HOULTON – Though Aroostook County residents escaped the ice storm that paralyzed much of the rest of Maine, they were unable to escape its effects, especially in southern parts of the County.
The National Weather Service office in Caribou reported Sunday, Jan. 18, that more than 75 inches of snow have fallen in the region so far this season, compared with a normal snowfall of about 66 inches. Forty-one inches of snow are on the ground at Caribou.
In Houlton, weather observers at the airport have recorded 56 inches of snow on the ground, including more than a foot of ice pellets that fell during the last storm.
The heavy pellets, on top of what had fallen already, caused problems for homeowners and farmers who have been scrambling to shovel off their roofs before more accumulates.
Along Route 1 between Houlton and Mars Hill on Saturday, Jan. 18, scores of people could be seen clearing off trailer roofs, porches and potato packing sheds.
For some, it was too late. In Mars Hill, parts of the roofs of two metal buildings, including a potato house, reportedly collapsed. In Houlton, Cary and Terry Hill lost part of their barn.
According to Cary Hill’s brother Craig, a section of the main barn over the milking parlor and milk room collapsed under the weight of the snow at about 3:30 p.m. on Jan. 1 The area that collapsed was used to store hay, he said.
Hill said his brother had cleared off part of the roof but did not have time to do the rest before the collapse.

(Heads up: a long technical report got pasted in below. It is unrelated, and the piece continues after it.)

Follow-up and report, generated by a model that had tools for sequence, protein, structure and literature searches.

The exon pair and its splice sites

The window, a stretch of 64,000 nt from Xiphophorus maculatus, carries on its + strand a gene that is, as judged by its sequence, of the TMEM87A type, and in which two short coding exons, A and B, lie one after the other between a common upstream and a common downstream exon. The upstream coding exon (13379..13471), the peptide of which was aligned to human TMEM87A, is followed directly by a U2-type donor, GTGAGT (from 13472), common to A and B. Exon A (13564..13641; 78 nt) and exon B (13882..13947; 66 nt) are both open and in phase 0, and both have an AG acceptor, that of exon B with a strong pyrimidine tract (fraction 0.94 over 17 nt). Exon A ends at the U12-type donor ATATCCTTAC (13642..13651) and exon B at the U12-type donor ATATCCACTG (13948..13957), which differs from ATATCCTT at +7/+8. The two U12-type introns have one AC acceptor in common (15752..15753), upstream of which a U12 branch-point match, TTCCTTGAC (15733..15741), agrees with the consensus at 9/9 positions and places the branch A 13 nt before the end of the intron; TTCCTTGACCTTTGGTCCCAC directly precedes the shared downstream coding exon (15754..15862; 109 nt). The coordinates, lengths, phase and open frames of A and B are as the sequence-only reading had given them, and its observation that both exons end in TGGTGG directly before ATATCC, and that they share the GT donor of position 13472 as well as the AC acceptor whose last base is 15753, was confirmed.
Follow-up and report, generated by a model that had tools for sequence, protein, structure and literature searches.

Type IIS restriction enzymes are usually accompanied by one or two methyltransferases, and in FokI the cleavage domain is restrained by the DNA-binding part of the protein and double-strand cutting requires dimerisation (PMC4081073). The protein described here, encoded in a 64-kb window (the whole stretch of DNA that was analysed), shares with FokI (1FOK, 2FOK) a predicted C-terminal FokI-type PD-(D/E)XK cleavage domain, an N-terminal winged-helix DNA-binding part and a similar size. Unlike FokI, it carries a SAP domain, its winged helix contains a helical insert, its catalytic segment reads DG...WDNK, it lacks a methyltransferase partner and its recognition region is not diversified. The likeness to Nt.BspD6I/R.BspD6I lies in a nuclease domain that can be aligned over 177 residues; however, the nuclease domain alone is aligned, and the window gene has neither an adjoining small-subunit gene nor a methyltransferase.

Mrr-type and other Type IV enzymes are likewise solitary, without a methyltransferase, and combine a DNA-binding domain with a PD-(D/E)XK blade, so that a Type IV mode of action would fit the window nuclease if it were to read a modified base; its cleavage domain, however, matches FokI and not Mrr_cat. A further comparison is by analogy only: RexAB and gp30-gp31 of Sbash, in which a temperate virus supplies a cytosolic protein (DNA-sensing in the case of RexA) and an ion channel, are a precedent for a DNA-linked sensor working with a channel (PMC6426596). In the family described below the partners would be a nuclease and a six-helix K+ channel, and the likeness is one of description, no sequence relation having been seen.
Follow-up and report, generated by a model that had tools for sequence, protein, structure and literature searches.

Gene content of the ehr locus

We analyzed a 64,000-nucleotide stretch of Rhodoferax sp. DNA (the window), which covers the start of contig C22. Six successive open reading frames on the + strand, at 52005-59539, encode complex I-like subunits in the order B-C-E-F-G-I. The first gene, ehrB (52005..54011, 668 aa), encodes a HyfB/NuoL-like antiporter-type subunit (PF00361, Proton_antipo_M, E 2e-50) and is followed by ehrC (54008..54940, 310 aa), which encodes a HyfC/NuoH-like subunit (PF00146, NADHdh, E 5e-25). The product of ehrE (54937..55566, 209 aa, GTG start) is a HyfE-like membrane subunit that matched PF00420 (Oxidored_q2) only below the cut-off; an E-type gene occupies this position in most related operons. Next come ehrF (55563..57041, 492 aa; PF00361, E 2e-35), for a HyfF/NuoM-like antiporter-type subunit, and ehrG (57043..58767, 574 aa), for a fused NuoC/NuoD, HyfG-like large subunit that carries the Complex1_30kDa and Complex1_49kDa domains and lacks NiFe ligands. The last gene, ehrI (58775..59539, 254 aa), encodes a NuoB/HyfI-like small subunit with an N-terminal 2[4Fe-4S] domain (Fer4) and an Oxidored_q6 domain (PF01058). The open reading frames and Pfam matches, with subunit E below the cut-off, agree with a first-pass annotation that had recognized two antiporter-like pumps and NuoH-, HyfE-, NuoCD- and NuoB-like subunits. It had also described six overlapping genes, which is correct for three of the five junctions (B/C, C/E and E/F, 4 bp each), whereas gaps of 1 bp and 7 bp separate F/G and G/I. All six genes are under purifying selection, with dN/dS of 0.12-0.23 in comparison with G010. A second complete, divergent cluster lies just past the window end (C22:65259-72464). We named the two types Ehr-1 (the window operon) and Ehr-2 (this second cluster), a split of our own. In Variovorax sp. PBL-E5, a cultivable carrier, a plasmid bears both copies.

The collapse broke power lines in the barn, which delayed the milking of Hill’s 65 dairy cows by hours. Craig Hill said milking was finally completed at 1:30 a.m. Saturday, Jan. 17, after power was restored.
According to Chad Toby, who works for the Hills, the collapse sounded like two loud bangs. Toby said he was headed toward the barn from feeding horses in another building when the roof let go.
“I heard a bang and then I heard another bang, and ice came shattering off the roof,” he said, while getting ready to help with the morning milking.
He said Cary Hill was coming out of the milk room door just as part of the front wall overhead started to fall.
“I hollered, Cary, get out of there,”‘ said Toby.
Gesturing with his hands, he showed how the section of collapsed wall missed Hill by only a few feet.
Despite the collapse, no one was hurt, and Hill was busy milking again the next morning. The only damage to the milkiystem occurred when a large beam crashed through the floor and broke off a section of plastic pipe. The pipe was easily repaired.
“There is a God,” Hill said with a smile, as he hooked up cows to the milking machine.
Meanwhile, other family members and friends were busy shoring up the ceiling over the milk room so that it would not collapse and destroy the milking system.
The Hills are insured, but as of Saturday afternoon, Jan. 17, they still had no estimate of the damage. Craig Hill speculated that it could run to more than $25,000.